First of all you need to ask yourself, what do you need to scale? Number of authors? Amount of Content? Requests served? DIfferent questions, different ways of doing it.
There are many ways to scale Magnolia - one thing is the built-in subscriber mechanism, so its straightforward to have lets say a HW load balancer and two (or more) public facing machines to handle the requests. You can write a custom Apache (or other) cache module (has been done before) or write a custom cache handler (cache is pluggable in Magnolia) if what exists with respect to caching is not meeting your requirements. You can cluster the repository (with the upcoming Magnolia & Jackrabbit 1.2).
You can use Akamai for caching (has been done for France24.com, a massive global news website). This site, powered by Magnolia, has content in English, French and Arabic, movies, audio, text, images, is updated simultaneously with the TV channels and has handled 50000 (fifty thousand) simultaneous requests when launched.
Last week we launched lastminute.com.au, the leading travel site in Australia, with booking integration, white-labeling of content, partial content delivery and other extravaganza. Their requirements are also pretty high regarding performance and scalability (they expect to grow).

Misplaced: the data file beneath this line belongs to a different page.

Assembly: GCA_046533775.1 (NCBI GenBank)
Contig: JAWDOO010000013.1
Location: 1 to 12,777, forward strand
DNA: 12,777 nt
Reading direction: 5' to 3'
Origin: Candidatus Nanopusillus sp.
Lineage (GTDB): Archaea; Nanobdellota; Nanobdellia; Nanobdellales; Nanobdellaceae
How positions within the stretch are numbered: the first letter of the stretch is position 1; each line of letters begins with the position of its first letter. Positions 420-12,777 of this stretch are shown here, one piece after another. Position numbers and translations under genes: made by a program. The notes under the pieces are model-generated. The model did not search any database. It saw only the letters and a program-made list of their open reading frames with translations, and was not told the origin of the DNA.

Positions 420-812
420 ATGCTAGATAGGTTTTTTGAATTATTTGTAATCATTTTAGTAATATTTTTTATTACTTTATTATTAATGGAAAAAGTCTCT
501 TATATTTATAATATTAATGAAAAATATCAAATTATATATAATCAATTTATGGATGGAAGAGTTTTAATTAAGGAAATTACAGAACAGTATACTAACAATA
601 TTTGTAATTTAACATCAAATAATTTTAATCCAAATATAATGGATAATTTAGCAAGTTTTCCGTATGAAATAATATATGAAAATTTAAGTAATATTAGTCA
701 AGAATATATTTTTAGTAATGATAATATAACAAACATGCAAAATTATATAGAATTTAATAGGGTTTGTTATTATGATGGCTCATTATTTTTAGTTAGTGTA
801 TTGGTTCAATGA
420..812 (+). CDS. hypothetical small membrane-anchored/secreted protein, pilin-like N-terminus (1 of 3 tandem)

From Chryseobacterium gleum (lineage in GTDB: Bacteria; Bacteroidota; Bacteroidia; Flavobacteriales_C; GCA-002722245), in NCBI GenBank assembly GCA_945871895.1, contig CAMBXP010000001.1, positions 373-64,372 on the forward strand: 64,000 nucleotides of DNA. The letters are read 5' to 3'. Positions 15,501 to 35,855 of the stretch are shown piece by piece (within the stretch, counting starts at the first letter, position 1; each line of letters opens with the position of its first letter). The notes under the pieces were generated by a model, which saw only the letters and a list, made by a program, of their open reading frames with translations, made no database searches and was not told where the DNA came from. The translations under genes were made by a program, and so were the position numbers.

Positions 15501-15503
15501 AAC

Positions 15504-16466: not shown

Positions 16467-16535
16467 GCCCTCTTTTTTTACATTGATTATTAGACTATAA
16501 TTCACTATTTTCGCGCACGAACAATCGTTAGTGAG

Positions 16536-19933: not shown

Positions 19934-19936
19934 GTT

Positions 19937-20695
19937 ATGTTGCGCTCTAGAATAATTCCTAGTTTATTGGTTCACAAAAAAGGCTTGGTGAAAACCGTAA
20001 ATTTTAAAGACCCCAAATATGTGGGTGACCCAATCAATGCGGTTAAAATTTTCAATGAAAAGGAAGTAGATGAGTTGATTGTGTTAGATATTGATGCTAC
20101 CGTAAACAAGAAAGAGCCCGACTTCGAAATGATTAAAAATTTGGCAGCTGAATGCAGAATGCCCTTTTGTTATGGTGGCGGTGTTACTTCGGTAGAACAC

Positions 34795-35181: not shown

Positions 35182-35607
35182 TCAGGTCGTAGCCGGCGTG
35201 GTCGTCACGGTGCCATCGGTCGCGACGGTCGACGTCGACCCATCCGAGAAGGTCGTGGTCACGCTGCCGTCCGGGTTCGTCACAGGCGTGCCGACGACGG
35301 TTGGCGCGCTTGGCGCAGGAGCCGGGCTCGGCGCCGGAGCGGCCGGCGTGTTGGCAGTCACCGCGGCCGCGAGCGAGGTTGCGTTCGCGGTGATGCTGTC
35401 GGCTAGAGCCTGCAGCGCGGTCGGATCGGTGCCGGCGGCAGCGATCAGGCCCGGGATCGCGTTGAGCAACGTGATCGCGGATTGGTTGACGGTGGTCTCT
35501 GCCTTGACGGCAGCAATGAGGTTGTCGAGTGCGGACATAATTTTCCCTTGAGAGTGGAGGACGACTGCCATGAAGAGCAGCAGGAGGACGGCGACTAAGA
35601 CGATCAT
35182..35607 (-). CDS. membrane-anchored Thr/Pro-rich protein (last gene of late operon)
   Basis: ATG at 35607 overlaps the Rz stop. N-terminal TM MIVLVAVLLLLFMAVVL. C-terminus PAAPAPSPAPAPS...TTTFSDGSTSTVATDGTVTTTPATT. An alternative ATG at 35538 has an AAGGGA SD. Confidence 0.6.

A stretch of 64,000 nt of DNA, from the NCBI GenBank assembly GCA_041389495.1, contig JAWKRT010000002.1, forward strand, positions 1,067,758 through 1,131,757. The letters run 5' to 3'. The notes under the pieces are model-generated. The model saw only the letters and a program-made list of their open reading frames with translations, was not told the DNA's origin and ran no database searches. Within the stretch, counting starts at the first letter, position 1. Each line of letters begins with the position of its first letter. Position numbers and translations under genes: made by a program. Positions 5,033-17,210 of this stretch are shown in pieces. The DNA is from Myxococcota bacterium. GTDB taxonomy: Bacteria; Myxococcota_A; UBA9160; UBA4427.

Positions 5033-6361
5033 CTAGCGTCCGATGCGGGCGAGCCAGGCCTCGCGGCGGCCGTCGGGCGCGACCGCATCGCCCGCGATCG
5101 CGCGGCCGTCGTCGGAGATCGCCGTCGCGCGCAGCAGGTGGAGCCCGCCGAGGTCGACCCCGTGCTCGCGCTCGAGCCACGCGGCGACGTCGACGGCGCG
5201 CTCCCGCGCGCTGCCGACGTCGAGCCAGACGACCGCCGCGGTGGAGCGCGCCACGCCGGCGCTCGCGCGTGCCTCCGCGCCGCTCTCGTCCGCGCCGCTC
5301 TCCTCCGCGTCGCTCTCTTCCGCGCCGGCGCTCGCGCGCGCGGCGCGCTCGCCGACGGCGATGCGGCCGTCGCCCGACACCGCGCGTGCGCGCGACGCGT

(For partial content try this:
In addition, we do have a portlet bridge in the EE that runs nicely with Liferay, in fact we currently do a joint project for a car manufacturer. It works very well, and scales the same way it would with standalone Magnolia, since the same mechanisms are used (each Liferay instance contains a Magnolia subscriber that handles the content).
Magnolia is now in its forth year of development, its pretty mature and we have a lot of experience with what works, how, when and why - or not. If you have questions, feel free to download our Magnolia Enterprise Edition and make use of our free evaluation services to help you get the most out of your time spent on evaluation. (Details come with the download).